Brexit secretary David Davis has spoken about the latest phase of negotiations to exit the European Union.
He referred back to December when he said the talks and reached an important milestone and went on to label the latest deal ‘another significant step’ which he hoped would be welcomed by the European Council when it met later this week.
He commended the negotiating teams of both sides for their “skill, their commitment and from time to time their ability to go without sleep”, and said that much of December’s joint report had been incorporated into the legal text of the Withdrawal Agreement.
Of the implementation period he said that businesses “now have certainty about the terms that will apply immediately after our withdrawal” and this means that they could continue to operate and invest with confidence.
Pointedly, he said that this was true across the whole United Kingdom family, including Gibraltar, in defiance of a claim by the Spanish government, agreed by the EU, that it should hold a veto over whether any deal should apply to The Rock, although he added that ‘dialogue’ with Spain would continue.
During the implementation period, the UK will be able to sign and ratify new trade deals around the world although these would not come into force until the implementation period is over. He said this would provide new opportunities for businesses across the United Kingdom and seize one of Brexit’s greatest opportunities. Agreements with the EU would continue to apply, as would international agreements which arise from our European Union membership continue.
“Businesses can be confident there will be no disruption to their existing trade relationship as we leave the European Union,” he said.
A joint committee of representatives from the UK and EU would ensure the agreement is properly implemented and would resolve concerns as they arose, and will be underpinned by a clear commitment from both sides to act in good faith.
He then turned to fisheries and said: “We’ve also agreed specific safeguards when it comes to annual fishing negotiations. These arrangements will only apply for the negotiations in 2019, since we will still be a Member State for those that take place at the end of this year. Through 2020 we will be negotiating fishing opportunities as an independent coastal state, deciding who can access our waters and on what terms.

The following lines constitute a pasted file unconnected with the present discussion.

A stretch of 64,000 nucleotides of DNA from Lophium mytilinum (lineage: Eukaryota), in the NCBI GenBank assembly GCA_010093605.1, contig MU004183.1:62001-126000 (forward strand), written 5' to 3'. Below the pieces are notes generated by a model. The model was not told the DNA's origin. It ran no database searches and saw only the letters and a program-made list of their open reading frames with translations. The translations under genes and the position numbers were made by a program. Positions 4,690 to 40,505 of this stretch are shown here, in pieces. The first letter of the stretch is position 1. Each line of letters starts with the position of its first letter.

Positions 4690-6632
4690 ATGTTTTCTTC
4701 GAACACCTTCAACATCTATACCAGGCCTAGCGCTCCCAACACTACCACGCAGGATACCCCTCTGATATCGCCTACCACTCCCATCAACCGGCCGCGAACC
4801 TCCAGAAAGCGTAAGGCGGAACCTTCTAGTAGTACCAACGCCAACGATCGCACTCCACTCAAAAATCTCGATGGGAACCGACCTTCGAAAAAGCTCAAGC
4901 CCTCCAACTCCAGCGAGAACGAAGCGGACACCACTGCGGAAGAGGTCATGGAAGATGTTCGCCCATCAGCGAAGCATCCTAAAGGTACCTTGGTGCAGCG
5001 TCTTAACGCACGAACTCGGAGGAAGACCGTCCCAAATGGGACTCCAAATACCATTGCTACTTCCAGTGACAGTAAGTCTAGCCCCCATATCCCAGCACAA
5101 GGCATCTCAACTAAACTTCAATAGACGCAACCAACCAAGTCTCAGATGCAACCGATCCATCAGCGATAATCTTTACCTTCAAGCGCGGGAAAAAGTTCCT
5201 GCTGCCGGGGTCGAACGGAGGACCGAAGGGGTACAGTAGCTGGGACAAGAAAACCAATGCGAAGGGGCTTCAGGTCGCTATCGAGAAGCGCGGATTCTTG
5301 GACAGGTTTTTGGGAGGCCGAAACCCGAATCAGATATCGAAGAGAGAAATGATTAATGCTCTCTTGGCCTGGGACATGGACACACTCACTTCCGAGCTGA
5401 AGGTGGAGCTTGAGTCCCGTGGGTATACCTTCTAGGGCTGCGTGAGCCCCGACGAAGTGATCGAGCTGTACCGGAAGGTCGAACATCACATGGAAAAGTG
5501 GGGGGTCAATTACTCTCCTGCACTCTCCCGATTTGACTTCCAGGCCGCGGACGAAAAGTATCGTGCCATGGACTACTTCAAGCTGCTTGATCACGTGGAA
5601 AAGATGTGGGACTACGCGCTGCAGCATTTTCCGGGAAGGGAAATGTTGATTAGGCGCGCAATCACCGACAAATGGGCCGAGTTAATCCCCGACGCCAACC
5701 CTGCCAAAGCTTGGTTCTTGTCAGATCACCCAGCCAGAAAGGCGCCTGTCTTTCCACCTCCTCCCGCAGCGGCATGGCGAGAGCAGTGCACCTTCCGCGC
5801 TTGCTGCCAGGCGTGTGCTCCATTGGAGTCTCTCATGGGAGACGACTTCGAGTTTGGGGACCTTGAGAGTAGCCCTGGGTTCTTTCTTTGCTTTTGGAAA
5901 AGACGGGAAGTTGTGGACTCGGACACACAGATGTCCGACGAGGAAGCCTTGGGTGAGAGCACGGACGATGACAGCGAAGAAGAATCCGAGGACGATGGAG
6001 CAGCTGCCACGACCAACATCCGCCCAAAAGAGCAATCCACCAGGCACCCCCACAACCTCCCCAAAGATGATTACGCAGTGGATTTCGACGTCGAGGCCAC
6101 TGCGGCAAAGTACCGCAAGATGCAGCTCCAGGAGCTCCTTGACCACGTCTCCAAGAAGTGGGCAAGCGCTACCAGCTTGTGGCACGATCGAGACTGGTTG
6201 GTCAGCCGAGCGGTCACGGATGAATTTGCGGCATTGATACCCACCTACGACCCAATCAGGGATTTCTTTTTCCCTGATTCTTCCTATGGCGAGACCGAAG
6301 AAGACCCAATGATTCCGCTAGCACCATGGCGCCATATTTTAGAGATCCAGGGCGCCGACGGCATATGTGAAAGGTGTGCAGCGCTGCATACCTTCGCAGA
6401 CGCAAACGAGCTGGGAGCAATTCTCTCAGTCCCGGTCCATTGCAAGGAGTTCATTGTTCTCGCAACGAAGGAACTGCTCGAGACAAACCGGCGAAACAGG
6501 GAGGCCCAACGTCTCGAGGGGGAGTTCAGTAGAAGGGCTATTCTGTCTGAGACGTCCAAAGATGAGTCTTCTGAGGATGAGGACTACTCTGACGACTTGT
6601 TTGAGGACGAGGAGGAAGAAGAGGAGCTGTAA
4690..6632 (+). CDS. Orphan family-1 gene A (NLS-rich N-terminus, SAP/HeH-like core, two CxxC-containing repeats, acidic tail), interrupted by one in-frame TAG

“For the year where it is relevant, we have agreed the European Union will have to consult us ahead of the negotiations, and the United Kingdom’s share of the total catch cannot be changed, protecting the interests of the United Kingdom fishing community.”
On foreign policy and defence collaboration, he said that as recent events demonstrated, close cooperation with our allies was central to standing up for a rules-based international order, so when it comes to foreign policy and defence collaboration, he has set out a plan for an ambitious partnership which goes beyond the relationship the European Union has with any other third country, he added.
Then he struck a slightly less conciliatory tone. “There may be occasions when our vital national policy means we cannot agree with a European Union decision,” he said. “In those cases the United Kingdom could choose not to apply it.”
He complimented the negotiating team on its ‘rapid progress’ and said that chapters of the Withdrawal Agreement covering citizens’ rights and the financial settlement had been ‘locked down’. “We have made sure the voluntary reference mechanism we agreed in December will start when we leave in March 2019 for any challenges relating to applications for settled status,” he said. “The reference mechanism relating to other rights, such as social security, which are only relevant after the implementation period, will begin in December 2020.”
One of the sticking points in the negotiations was the border between Northern Ireland and the Republic of Ireland and Mr Davis said there was more work to be done here. It would be necessary to include legal text detailing the ‘backstop’ solution for the border in the Withdrawal Agreement that was acceptable to both sides.
“But it remains our intention to achieve a partnership that is so close as to not require specific measures in relation to Northern Ireland, and therefore we will engage in detail on all the scenarios set out in the Joint Report,” he said.
“We have also reached consensus on the full set of issues which need to be addressed in any solution in order to avoid a hard border, which is why, last week, we set out a work programme to tackle them.”
In conclusion he said: “The deal we have struck today, on top of that agreed in December, should give us confidence that a good deal for the United Kingdom and the European Union is closer than ever before.”
Read the full statement here.